SCHIP Programs Will Face Future Budget Deficits Without Congressional Action, Report Finds
Federal funds for SCHIP programs likely will fall short of states' needs in coming fiscal years, as more states expand enrollment, according to a report by the Congressional Research Service, the AP/Las Vegas Sun reports.
Federal SCHIP funds will total $4.1 billion in fiscal year 2006, but projected demand for funds will be about $5 billion to $6 billion, according to the report. In addition, Congress in FY 2007 is expected to appropriate $5 billion, but the projected demand for federal funds will be $5.4 billion to $6.8 billion, the report finds.
According to the report, six to 14 states are expected to use their entire federal SCHIP allotment in FY 2006, and 12 to 20 states are expected to use their entire allotment in FY 2007. States must use their entire federal SCHIP budget within three years after it is distributed or else it must be returned to the federal government. So far, a redistribution of unused federal SCHIP funds to states that have exhausted their federal share prevented widespread shortfalls.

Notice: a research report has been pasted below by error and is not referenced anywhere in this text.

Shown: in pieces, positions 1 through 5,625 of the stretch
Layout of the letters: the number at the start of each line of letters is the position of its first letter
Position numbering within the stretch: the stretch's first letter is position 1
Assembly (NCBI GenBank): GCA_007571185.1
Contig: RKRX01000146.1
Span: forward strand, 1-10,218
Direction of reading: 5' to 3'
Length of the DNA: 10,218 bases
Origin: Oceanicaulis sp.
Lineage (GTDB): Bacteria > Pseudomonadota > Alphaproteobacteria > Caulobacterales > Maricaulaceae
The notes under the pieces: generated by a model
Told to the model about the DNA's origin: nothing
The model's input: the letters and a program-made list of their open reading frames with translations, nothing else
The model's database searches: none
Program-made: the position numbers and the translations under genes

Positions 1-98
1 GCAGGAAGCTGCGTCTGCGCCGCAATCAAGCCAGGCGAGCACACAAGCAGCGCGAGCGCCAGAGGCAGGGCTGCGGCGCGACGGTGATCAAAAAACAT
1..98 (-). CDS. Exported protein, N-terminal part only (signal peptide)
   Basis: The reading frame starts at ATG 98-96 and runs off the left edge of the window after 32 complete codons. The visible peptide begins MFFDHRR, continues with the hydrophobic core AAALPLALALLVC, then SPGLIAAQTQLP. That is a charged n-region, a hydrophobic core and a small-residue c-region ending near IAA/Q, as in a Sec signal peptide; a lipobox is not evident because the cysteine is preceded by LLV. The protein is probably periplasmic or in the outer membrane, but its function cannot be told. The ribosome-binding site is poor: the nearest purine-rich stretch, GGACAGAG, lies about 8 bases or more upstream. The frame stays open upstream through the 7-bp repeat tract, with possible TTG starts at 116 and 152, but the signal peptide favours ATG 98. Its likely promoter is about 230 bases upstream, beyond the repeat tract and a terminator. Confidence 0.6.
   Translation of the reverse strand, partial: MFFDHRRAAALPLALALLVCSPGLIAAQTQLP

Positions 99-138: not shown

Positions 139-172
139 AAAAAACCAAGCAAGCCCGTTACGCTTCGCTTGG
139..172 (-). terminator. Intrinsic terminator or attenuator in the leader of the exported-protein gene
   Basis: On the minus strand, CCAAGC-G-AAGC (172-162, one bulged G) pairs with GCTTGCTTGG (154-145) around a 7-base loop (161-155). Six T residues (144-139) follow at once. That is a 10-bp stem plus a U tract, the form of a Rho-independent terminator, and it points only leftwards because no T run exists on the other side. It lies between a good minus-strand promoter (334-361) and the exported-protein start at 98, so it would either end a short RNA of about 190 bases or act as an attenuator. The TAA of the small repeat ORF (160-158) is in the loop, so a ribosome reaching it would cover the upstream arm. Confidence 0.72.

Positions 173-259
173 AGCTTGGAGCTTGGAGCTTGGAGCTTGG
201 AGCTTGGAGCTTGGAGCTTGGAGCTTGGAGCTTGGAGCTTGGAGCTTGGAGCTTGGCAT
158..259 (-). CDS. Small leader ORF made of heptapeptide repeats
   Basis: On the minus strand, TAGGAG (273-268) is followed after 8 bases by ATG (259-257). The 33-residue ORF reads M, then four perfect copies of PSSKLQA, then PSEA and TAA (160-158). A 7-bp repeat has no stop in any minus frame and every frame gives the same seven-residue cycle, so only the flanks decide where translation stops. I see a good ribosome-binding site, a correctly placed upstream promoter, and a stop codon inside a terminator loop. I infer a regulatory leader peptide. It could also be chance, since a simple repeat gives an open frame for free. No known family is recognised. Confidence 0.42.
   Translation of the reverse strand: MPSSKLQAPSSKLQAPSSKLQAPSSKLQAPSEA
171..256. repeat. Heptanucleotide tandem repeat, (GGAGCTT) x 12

The report states, "Although the SCHIP program has been successful in covering millions of uninsured children and has therefore been politically popular, some states are poised to exhaust their federal funds as early as next fiscal year. If Congress decides to prevent these shortfalls, legislative action will be needed."
Sen. Edward Kennedy (D-Mass.) on Friday said he plans to introduce legislation that would allot an additional $1 billion to the program. He said the money had previously been allocated to SCHIP, but unused funds reverted to the U.S. Treasury on Sept. 30, 2004.
The AP/Sun reports that some lawmakers would prefer changing the redistribution formula, possibly by requiring states that request additional federal money to fund the program themselves. "Part of the solution might be to make sure the money that's already in the system is directed to where it's needed and will be used," Senate Finance Committee Chair Chuck Grassley (R-Iowa) said.
Kennedy said, "It is unconscionable that children will go without health care because funds meant for the SCHIP program were not kept in the program" (Freking, AP/Las Vegas Sun, 7/9).